Of Tulips and Gold: The Ron Paul Devolution Marches On

Warren Buffett tears into the gold buggery so favored by nuts like Ron Paul.  Mr. Buffett prefers productive to non-productive assets.

The second major category of investments involves assets that will never produce anything, but that are purchased in the buyer’s hope that someone else – who also knows that the assets will be forever unproductive – will pay more for them in the future. Tulips, of all things, briefly became a favorite of such buyers in the 17th century.

This type of investment requires an expanding pool of buyers, who, in turn, are enticed because they believe the buying pool will expand still further. Owners are not inspired by what the asset itself can produce – it will remain lifeless forever – but rather by the belief that others will desire it even more avidly in the future.

The major asset in this category is gold, currently a huge favorite of investors who fear almost all other assets, especially paper money (of whose value, as noted, they are right to be fearful). Gold, however, has two significant shortcomings, being neither of much use nor procreative. True, gold has some industrial and decorative utility, but the demand for these purposes is both limited and incapable of soaking up new production. Meanwhile, if you own one ounce of gold for an eternity, you will still own one ounce at its end. What motivates most gold purchasers is their belief that the ranks of the fearful will grow. During the past decade that belief has proved correct. Beyond that, the rising price has on its own generated additional buying enthusiasm, attracting purchasers who see the rise as validating an investment thesis. As “bandwagon” investors join any party, they create their own truth – for a while.

Over the past 15 years, both Internet stocks and houses have demonstrated the extraordinary excesses that can be created by combining an initially sensible thesis with well-publicized rising prices. In these bubbles, an army of originally skeptical investors succumbed to the “proof” delivered by the market, and the pool of buyers – for a time – expanded sufficiently to keep the bandwagon rolling. But bubbles blown large enough inevitably pop. And then the old proverb is confirmed once again: “What the wise man does in the beginning, the fool does in the end.”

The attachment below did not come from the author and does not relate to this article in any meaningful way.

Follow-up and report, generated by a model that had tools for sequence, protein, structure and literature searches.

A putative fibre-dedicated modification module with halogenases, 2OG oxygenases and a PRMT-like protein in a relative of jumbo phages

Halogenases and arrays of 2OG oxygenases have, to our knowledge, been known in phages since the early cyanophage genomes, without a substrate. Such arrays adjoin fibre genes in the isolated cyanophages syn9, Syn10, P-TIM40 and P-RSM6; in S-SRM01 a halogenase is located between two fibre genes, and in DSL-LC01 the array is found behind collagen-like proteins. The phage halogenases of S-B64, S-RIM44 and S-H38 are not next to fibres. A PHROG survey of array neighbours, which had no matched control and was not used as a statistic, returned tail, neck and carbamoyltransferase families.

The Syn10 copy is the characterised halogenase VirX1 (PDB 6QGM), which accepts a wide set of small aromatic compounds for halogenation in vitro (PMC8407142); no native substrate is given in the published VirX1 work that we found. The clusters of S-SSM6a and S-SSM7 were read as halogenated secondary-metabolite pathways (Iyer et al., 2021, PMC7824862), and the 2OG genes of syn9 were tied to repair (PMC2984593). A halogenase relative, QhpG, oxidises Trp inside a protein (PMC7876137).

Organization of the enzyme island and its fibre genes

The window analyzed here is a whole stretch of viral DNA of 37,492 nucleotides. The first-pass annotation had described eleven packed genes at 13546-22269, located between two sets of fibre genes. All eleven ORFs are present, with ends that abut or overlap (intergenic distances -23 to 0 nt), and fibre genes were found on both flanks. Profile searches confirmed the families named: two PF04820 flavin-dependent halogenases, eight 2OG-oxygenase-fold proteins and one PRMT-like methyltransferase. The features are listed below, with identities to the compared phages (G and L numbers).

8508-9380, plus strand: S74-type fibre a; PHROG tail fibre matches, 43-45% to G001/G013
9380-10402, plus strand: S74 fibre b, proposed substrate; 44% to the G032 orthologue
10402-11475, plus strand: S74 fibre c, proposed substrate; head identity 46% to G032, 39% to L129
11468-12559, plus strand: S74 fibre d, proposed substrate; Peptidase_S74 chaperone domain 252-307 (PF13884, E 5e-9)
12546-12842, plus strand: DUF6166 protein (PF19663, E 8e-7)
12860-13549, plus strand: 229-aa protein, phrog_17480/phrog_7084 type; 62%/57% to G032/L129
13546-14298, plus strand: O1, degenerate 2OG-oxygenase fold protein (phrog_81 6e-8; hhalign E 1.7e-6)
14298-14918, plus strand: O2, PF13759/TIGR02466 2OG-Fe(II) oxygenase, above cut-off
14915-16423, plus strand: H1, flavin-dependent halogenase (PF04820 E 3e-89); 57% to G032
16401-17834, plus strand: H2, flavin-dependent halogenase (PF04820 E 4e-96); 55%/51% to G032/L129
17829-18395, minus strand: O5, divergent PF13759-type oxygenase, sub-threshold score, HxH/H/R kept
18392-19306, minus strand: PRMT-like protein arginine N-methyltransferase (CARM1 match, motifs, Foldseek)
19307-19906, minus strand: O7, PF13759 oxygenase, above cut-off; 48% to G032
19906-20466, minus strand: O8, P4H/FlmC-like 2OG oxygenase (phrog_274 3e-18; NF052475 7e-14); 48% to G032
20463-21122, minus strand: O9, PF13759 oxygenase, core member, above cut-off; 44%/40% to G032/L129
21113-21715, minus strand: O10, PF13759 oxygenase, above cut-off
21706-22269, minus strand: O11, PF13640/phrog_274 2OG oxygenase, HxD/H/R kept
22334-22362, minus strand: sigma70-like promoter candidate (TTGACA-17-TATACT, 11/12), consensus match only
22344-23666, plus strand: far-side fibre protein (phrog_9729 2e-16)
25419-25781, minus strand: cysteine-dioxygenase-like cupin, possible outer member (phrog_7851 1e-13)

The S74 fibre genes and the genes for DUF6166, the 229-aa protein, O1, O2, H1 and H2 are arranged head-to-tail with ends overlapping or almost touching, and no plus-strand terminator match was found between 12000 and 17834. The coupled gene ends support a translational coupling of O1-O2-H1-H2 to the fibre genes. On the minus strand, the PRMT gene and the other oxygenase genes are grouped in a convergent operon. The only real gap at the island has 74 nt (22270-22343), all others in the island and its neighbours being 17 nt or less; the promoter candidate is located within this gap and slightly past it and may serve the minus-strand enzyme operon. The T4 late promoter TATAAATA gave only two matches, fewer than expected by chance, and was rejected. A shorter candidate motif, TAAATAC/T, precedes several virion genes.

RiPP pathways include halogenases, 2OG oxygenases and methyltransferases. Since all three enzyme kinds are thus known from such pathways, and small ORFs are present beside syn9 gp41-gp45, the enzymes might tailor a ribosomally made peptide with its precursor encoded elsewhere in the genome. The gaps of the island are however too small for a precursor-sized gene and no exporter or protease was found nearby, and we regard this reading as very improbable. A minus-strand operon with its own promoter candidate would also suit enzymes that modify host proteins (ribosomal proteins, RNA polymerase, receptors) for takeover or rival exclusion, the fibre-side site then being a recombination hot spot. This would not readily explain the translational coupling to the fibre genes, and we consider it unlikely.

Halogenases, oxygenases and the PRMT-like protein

Today the world’s gold stock is about 170,000 metric tons. If all of this gold were melded together, it would form a cube of about 68 feet per side. (Picture it fitting comfortably within a baseball infield.) At $1,750 per ounce – gold’s price as I write this – its value would be $9.6 trillion. Call this cube pile A.

Let’s now create a pile B costing an equal amount. For that, we could buy all U.S. cropland (400 million acres with output of about $200 billion annually), plus 16 Exxon Mobils (the world’s most profitable company, one earning more than $40 billion annually). After these purchases, we would have about $1 trillion left over for walking-around money (no sense feeling strapped after this buying binge). Can you imagine an investor with $9.6 trillion selecting pile A over pile B?

Beyond the staggering valuation given the existing stock of gold, current prices make today’s annual production of gold command about $160 billion. Buyers – whether jewelry and industrial users, frightened individuals, or speculators – must continually absorb this additional supply to merely maintain an equilibrium at present prices.

A century from now the 400 million acres of farmland will have produced staggering amounts of corn, wheat, cotton, and other crops – and will continue to produce that valuable bounty, whatever the currency may be. Exxon Mobil will probably have delivered trillions of dollars in dividends to its owners and will also hold assets worth many more trillions (and, remember, you get 16 Exxons). The 170,000 tons of gold will be unchanged in size and still incapable of producing anything. You can fondle the cube, but it will not respond.

Admittedly, when people a century from now are fearful, it’s likely many will still rush to gold. I’m confident, however, that the $9.6 trillion current valuation of pile A will compound over the century at a rate far inferior to that achieved by pile B.

16 comments to Of Tulips and Gold: The Ron Paul Devolution Marches On

  • Ed Heinzelman

    Interesting that the ad that was slugged onto this page suggests we take up currency trading on line!

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  • It’s too bad Ron Paul is the only guy on the national stage who openly and adamantly opposes a war with Iran.

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  • Anyone who thinks it’s a good idea to have private, international banks create currency out of thin air and charge the American people interest on it is a certifiable wacko.

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  • james booth

    Unless I missed something, it seems the Berkshire Hathaway article makes no reference whatsoever to reestablishing gold as a monetary standard. Buffet is simply saying that as an investment, gold is an unwise choice as it relates to return on investment. As a matter of fact, this excerpt from the third paragraph above might be congruent with Ron Paul’s sentiments on the subject.

    “gold, currently a huge favorite of investors who fear almost all other assets, especially paper money (of whose value, as noted, they are right to be fearful)”

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    • You miss the point entirely. While Buffett hasn’t made a direct statement on the question of a gold standard, he does hold gold in contempt as a vehicle for investment. The best example we have of his thoughts on the gold standard is this, from 1998.